• Consider using a pre-adsorbed secondary antibody

    Pre-adsorption (also cross-adsorption) of the secondary antibody is used to eliminate reactivity from immunoglobulins of undesired species, antibody fragments, and/or cell and tissue samples, improving the specificity of an antibody. The degree of cross-reactivity is determined by ELISA or Western Blot detection and is typically less than 1% of the desired signal. The secondary antibody is cross-adsorbed against serum antibody-protein from another species or is adsorbed against a mixture of serum antibody-protein from several species (i.e., Pre-adsorbed). These highly cross-adsorbed antibodies show low levels of cross-reactivity particularly required in multiple labeling experiments.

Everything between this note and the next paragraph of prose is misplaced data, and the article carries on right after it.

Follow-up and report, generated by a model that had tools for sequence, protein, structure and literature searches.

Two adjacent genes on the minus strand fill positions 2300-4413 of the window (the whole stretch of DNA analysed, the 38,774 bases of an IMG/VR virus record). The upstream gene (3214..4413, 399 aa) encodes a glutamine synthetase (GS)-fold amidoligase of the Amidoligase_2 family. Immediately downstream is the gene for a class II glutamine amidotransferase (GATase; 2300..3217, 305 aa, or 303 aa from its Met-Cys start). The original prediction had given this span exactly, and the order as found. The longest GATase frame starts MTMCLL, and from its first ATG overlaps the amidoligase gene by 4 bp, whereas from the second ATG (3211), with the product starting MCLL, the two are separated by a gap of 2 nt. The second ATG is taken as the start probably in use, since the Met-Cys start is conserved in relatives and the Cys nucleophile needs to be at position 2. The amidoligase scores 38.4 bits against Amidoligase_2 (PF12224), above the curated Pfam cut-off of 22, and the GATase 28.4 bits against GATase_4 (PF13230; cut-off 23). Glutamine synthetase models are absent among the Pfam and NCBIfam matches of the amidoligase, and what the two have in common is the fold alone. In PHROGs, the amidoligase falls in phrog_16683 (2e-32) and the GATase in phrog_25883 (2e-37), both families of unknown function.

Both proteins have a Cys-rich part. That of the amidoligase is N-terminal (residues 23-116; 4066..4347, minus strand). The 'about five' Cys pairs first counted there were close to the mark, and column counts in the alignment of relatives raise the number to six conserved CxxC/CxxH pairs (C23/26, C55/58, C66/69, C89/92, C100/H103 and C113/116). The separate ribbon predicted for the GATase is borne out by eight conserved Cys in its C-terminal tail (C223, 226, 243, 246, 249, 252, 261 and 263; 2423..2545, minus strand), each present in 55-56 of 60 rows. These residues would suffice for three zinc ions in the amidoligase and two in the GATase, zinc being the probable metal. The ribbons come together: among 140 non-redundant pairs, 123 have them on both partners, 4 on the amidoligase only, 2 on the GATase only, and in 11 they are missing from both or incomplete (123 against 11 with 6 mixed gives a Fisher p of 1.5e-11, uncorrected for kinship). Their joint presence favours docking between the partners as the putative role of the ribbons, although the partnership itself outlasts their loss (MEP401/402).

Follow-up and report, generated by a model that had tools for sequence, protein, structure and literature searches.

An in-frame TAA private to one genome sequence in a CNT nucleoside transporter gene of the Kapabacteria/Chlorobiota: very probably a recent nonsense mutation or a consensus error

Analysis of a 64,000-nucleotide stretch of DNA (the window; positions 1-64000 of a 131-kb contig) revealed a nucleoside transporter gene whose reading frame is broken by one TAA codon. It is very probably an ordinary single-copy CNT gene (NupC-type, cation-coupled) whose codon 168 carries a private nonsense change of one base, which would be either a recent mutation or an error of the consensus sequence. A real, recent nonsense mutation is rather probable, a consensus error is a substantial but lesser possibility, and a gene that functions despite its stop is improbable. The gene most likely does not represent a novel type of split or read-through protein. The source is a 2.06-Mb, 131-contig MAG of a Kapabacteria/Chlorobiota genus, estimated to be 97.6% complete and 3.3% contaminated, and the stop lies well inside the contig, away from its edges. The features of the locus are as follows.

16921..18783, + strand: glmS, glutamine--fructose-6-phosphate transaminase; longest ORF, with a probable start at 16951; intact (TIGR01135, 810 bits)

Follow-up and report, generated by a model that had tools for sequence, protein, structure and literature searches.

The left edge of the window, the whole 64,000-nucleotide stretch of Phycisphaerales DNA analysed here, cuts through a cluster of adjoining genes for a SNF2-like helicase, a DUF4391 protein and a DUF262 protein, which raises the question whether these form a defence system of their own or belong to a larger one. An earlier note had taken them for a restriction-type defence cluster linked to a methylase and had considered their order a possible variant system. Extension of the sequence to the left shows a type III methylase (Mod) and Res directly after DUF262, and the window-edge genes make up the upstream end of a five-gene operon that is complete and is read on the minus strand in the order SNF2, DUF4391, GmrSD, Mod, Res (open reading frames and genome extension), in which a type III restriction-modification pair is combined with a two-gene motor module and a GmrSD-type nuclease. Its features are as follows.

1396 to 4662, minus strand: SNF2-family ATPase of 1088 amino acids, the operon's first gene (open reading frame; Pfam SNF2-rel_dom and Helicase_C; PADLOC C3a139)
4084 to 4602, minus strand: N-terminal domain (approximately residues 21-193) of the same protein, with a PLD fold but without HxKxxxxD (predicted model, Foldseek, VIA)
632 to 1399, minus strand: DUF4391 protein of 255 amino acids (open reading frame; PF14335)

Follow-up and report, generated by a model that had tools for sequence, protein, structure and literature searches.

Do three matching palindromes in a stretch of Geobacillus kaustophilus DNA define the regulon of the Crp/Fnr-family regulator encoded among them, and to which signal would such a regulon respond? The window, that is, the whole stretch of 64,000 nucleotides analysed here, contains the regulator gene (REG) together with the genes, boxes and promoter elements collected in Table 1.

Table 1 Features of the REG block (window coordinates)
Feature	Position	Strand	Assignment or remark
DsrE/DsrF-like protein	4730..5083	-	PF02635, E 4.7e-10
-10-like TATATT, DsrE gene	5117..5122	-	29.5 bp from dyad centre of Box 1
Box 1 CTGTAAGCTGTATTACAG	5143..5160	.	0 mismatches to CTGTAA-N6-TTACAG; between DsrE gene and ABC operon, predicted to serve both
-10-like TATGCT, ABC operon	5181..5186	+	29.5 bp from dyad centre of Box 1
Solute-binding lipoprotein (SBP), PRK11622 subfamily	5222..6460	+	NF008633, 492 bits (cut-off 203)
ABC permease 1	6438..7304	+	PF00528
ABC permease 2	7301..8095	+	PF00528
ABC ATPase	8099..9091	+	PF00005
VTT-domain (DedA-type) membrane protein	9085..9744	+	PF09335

• Sometimes smaller is better

    F(ab')2 fragment secondary antibodies are generated by pepsin digestion of whole IgG antibodies to remove most of the Fc region while leaving the hinge region intact. The resulting fragment is divalent with MW ~110 kDa. Fab fragment secondary antibodies are generated by papain digestion of whole IgG antibodies to remove the Fc region entirely generating a monovalent antibody of ~50 kDa. Both F(ab')2 and Fab fragment antibodies eliminate non-specific binding to the Fc receptors on cells and penetrate tissues more efficiently due to their smaller size. When working with tissues or cells that have Fc receptors (spleen, peripheral blood, hematopoietic cells, leukocytes, NK cells, etc.), choose a F(ab')2 and Fab to eliminate non-specific binding to Fc receptors. Fragment-conjugated secondary antibodies are ideal for Flow Cytometry, Immunohistochemistry, and Immunofluorescence.